This is perhaps a first-world problem, but it’s hard to deny that we lead stressful lives in North America. This means our hobbies should be protected and cherished.
When your hobby is your work
I am not unfamiliar with stress. Right now, I am writing this under a tight deadline. My career as an entrepreneur has had many stresses: when to expand the business and when to contract? Is this candidate the right employee in the long term? Will these customers close this month—and if not, what can I do to convince them now instead of later? Will we have enough for payroll next week? Will they get over their issues, or will they quit? Are we even going to be in business next quarter?
Many times these problems span not moments but days or weeks. During these times, my hobbies—specifically playing games—help me pull through in a very healthy way. I’ll give you two specific examples:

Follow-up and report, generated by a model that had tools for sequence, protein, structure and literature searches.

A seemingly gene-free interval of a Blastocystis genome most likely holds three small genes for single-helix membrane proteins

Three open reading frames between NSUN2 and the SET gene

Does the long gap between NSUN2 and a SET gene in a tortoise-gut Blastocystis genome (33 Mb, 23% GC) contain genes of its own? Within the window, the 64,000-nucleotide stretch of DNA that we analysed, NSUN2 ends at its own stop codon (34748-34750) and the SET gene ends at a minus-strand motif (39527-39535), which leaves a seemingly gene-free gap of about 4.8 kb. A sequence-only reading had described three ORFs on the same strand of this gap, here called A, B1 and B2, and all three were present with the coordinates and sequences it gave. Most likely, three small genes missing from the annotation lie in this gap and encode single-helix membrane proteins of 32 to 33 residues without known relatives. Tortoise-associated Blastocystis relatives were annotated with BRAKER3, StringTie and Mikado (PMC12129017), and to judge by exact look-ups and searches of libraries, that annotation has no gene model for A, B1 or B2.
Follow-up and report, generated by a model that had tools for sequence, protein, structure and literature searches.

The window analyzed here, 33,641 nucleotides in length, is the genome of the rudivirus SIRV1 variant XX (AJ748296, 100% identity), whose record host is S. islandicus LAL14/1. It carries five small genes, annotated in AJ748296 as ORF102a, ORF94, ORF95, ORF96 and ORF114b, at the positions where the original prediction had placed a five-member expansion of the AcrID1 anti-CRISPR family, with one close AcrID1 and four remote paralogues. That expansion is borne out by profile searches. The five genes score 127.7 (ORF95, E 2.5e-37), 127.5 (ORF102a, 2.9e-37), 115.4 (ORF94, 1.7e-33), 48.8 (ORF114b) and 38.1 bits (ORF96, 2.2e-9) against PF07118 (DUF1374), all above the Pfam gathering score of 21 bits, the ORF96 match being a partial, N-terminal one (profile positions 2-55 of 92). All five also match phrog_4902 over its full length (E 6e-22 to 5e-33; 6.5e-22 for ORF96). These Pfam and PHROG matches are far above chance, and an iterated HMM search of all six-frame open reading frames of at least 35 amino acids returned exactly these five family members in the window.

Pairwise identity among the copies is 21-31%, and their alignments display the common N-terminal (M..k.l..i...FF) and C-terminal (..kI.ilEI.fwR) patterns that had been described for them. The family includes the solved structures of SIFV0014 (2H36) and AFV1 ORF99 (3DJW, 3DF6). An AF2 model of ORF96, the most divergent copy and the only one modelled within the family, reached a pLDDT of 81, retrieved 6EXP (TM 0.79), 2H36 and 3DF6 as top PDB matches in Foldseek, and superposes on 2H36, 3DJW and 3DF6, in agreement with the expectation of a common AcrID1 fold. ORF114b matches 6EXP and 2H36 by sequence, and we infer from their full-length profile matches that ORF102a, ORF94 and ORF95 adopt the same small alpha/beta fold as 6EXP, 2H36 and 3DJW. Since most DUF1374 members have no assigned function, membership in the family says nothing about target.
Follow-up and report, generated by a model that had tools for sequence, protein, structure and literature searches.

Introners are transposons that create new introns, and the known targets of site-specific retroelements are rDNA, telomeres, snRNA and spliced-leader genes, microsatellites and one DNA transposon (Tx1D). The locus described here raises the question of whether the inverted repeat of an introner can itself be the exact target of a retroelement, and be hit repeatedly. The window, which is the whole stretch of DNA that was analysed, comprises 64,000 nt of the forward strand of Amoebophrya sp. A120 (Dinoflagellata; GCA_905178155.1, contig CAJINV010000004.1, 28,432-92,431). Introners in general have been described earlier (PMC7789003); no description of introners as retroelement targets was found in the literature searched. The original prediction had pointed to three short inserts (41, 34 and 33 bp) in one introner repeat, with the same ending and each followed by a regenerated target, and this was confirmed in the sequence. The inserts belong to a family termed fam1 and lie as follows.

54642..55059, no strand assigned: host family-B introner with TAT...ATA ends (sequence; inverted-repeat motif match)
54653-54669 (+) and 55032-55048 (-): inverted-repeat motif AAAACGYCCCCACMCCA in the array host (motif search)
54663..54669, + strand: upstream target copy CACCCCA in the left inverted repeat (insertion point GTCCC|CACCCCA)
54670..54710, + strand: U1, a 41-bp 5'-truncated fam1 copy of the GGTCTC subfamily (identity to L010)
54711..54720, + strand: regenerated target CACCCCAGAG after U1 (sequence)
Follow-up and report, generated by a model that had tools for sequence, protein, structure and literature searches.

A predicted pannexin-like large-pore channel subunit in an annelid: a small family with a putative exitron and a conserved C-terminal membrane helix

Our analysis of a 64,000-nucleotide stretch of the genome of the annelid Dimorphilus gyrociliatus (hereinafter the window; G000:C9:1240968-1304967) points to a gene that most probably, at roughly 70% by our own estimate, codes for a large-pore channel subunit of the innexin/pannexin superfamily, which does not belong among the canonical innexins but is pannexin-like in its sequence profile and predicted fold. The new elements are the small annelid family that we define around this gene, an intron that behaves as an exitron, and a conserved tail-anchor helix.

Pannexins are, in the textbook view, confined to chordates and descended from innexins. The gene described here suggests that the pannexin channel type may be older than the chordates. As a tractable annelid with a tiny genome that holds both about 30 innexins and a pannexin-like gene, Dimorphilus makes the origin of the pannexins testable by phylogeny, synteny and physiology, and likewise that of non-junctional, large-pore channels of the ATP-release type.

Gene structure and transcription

First, I enjoy painting 25mm miniatures like Warhammer, Reaper, and Battletech. (I will never be mistaken for an artist, though!) My best miniatures are just “okay.” But something about the very quiet act of laying color down on an impossibly small robe or missile launcher is oddly restorative. It nourishes my soul.
Secondly, I enjoy writing D&D campaigns. I get more enjoyment out of creating the world and adventure than running it at the table. With this background, perhaps now you will see where the problem begins in my next life choice.
I opened my tabletop gaming store in 2006, thinking ‘this will be the greatest thing EVER!’ I longed for looking at, working with, and talking about games all day long. And yes, it is true that it IS more enjoyable to look at, talk about, and stock a Fantasy Flight board game instead of a case of Tide.
So, exhausted and spent after a day of hard work, I would turn to my brushes and miniatures after dinner for some peace and restoration. But the moment I picked up that miniature, whatever levees of work/play separation I had constructed in my mind were suddenly busted wide open . . . and the thoughts and stresses of Work came flooding in.
Did I contact that supplier?
When is the ship date for that new release?
Are we out of stock on those space marines? I’ll need to check that.
Oh, I forgot to call so and so about his special order!